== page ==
niffiwan (niffiwan) wrote,

The Lost Letter (1945) - the first Soviet traditionally-animated feature

The premise: A Cossack living in the southern part of the former Russian Empire (what is now Ukraine) is tasked with delivering a letter to the Empress, and must journey to the imperial capital of St. Petersburg. Along the way he stops at a fair and makes friends with a tall and wild Dnieper Cossack. Only during the night does he find out that his new friend has demonic enemies. When a demon runs off with the letter that he is to deliver to the Empress, the Cossack must chase after him through a landscape that grows more and more hellish.

Made during the darkest days of World War II, this is (by some definitions, anyway) the Soviet Union’s first traditionally-animated feature film, practically unknown and unseen outside of the former USSR until now. It follows the story of the same name by the world-famous Russian writer Nikolai Gogol, also using fragments from his stories "May Night, or the Drowned Maiden", "The Fair at Sorochintsy", "A Bewitched Place" and the libretto from Shostakovich's opera "The Nose" (I found this out the hard way during the translation work, by searching for the original source of every bit of dialogue in the film. An interesting decision by the screenwriter to use so many different sources... he could be creative this way, yet still say that practically every line was written by Gogol).

It is co-directed by the Brumberg sisters, who are one of the most notable examples of prominent female directors in animation. Active from the 1920s until the 1970s in the Soviet Union, they directed 41 films and specialized in films that were mid-way between shorts and features. The third director is Lamis Bredis, who earlier adapted "The Elephant and the Pug". "The Lost Letter" does not feel quite like any of the prior or subsequent works that these directors made, and is also not typical of USSR animation from this time; it is not political satire and yet seems to be somewhat aimed at adults. (actually, this was one of just 4 animated films released in the USSR in 1945)

A memorable scene from the end of the film is of the Cossack riding the demonic horse. The fantastic animation of the black stallion serves as a counterpoint and interesting contrast to the more well-known animation of the white mare in the animated feature "The Humpbacked Horse", directed by Ivan Ivanov-Vano in 1947. In fact, there were three outstanding horse animators working at Soyuzmultfilm at that time: Nikolay Petrovich Fyodorov (1914-1994), Roman Vladimirovich Davydov (1913-1988) and Grigoriy Mitrofanovich Kozlov (1915-1988). Fyodorov specialized in “aerial” horses, and was responsible for the scene of Ivan’s first meeting of the flying white mare in "The Humpbacked Horse". Of the three, only Roman Davydov was listed in the credits of The Lost Letter, and it is therefore likely that the animation of the mad, demonic stallion was his work. Another link to "The Humpbacked Horse": the character design of the king's advisor is a bit like that of the witch in this film.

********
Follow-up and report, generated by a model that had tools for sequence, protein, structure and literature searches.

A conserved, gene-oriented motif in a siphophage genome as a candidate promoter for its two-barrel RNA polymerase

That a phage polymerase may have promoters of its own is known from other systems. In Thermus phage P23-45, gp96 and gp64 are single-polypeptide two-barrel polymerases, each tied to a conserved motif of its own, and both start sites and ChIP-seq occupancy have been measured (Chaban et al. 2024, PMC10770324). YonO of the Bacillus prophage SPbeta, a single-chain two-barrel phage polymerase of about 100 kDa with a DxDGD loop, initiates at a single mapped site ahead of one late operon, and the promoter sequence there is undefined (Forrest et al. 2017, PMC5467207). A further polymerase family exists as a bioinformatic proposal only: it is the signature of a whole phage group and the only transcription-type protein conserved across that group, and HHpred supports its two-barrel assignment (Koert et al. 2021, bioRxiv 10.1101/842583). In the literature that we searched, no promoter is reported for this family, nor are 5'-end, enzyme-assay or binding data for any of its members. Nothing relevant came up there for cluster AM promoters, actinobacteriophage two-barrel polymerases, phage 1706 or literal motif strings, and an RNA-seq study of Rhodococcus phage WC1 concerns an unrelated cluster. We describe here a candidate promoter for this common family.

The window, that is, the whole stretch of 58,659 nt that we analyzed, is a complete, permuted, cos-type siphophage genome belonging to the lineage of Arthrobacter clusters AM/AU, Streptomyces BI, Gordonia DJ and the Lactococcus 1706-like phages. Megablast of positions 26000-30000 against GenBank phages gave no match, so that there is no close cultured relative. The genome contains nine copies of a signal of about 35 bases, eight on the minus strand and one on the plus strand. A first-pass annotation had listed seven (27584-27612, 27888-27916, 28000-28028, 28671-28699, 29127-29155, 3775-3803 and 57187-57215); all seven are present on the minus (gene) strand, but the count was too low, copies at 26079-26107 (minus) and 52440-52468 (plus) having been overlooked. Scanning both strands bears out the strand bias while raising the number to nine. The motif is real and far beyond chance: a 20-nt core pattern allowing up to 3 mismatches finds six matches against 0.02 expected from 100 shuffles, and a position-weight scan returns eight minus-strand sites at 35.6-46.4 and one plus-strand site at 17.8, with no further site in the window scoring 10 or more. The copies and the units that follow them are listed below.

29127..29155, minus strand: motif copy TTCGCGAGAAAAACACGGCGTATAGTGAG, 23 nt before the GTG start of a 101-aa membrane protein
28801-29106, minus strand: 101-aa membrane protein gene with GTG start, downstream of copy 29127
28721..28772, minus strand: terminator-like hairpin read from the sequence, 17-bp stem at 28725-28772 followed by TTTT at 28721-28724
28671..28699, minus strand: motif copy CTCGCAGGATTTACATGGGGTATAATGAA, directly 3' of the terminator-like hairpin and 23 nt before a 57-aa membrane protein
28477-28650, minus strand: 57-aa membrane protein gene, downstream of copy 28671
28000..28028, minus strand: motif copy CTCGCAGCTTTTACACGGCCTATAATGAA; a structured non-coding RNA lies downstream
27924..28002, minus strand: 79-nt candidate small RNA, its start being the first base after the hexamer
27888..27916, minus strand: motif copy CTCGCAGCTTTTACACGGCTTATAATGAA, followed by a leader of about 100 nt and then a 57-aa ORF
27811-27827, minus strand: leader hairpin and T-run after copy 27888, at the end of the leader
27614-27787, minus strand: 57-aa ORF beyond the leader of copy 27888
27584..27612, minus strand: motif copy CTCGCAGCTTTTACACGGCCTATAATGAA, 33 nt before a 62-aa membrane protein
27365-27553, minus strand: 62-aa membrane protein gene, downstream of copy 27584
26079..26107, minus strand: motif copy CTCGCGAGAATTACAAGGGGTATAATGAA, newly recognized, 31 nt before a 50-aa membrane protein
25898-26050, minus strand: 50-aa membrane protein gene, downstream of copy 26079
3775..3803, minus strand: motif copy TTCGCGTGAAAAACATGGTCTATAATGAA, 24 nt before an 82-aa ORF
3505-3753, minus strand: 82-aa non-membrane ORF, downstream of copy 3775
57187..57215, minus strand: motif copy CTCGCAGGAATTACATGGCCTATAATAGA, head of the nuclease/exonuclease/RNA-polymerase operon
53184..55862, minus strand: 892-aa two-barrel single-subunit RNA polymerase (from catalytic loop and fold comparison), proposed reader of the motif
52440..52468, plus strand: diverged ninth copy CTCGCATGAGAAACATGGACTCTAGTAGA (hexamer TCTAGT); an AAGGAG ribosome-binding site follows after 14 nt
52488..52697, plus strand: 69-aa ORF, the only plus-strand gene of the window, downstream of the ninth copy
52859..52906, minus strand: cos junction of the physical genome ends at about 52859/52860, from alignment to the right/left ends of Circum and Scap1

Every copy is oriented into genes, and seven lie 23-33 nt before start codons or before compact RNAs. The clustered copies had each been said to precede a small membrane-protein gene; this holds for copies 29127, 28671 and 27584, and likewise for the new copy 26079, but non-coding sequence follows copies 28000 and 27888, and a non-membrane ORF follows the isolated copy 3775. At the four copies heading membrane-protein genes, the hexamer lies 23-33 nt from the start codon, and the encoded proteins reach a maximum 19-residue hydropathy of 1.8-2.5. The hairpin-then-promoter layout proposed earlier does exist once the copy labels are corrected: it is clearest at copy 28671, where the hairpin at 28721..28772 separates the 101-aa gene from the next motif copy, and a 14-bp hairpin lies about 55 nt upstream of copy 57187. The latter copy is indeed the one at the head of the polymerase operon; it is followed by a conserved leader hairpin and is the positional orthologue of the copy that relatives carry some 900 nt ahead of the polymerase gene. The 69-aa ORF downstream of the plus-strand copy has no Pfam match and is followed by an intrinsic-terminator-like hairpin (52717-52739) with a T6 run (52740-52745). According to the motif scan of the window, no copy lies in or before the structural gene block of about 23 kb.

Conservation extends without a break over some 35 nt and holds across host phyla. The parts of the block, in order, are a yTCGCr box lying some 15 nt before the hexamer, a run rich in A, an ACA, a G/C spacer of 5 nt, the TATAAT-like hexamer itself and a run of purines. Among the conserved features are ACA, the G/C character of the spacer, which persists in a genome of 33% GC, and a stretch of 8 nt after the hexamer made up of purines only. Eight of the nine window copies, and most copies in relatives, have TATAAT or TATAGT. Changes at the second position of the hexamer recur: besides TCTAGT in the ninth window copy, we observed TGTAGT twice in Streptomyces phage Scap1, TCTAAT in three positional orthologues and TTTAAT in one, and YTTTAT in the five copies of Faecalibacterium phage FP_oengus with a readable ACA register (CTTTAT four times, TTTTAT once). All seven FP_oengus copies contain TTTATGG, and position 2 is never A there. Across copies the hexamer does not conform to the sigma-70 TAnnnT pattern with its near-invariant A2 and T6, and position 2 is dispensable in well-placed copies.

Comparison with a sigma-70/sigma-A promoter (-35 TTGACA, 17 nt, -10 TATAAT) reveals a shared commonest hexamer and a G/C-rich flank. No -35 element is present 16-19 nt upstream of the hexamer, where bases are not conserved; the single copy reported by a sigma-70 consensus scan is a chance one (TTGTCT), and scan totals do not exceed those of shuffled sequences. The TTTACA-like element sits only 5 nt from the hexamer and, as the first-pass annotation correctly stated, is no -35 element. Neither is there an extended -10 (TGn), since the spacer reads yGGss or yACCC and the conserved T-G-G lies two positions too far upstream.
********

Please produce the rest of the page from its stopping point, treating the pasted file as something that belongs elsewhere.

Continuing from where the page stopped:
I recommend watching the videos fullscreen, because the image is un-restored and is a bit dark. To turn on the subtitles, click on the triangle in the lower right of the video and turn on CC.

Some notes on the translation work: this took me a while, both because of the colloquial nature of much of the dialogue and because I tried my best to do justice to Gogol's beautiful descriptive prose. As an aid, I read "The Complete Tales of Nikolai Gogol" on Google Books (but I did not use that translation except in one or two phrases which seemed impossible to translate otherwise).

Here are some notes on the literary sources: Most dialogue and narration comes from either "The Lost Letter" (Rus, Eng) or "May Night, or the Drowned Maiden" (Rus, Eng). "The Fair at Sorochintsy" (Rus, Eng) is the source for the lines "May you choke, you worthless bum" ("чтоб ты подавился, негодный бурлак") in Ch.1, and the Dnieper Cossack's story about the demon who was banished from hell ("выгнали одного черта из пекла"), in Ch.7. "A Bewitched Place" (Rus) is the source of the Cossack's dialogue as he's swimming through the swamp ("А, шельмовский сатана! чтоб ты подавился гнилою дынею"). The libretto from Shostakovich's opera "The Nose" (Rus) is the source of "собаке, по утру рюмку водки выпить, вмешаться", in the scene with the trees. (EDIT 2011-08-08: correction - that line actually first appears in Gogol's "Christmas Eve": Rus)

The only English-language review of this film that I've found was written by Ben Ettinger on AniPages Daily in 2005, who talks about the distinguishing traits of the animation style: "What's impressive about these designs is that they strike a fine balance between the realistic and the stylized, gravitating more towards the realistic. The animation is typically fluid for this period, the forms loose and elastic, but the acting is reined in and lacks the homogenous overreaction that puts me off to a lot of animation of this period, focusing instead on realistic expression and creating a feeling of realistic movement less through body weight than through close observation of gestures. The animation felt much more potent for being focused."

A perfect illustration of this can be seen in 0:17, part 3, when the Cossack's robe gets stuck between the two trees. He starts taking it off, pauses, sighs, puts it back on and pulls to get it out. In a less realistic film, he would have just left it behind.

Film profiles: IMDB,
Tags: 1940s, anipages daily, bredis, brumberg, gogol, subtitles, translation

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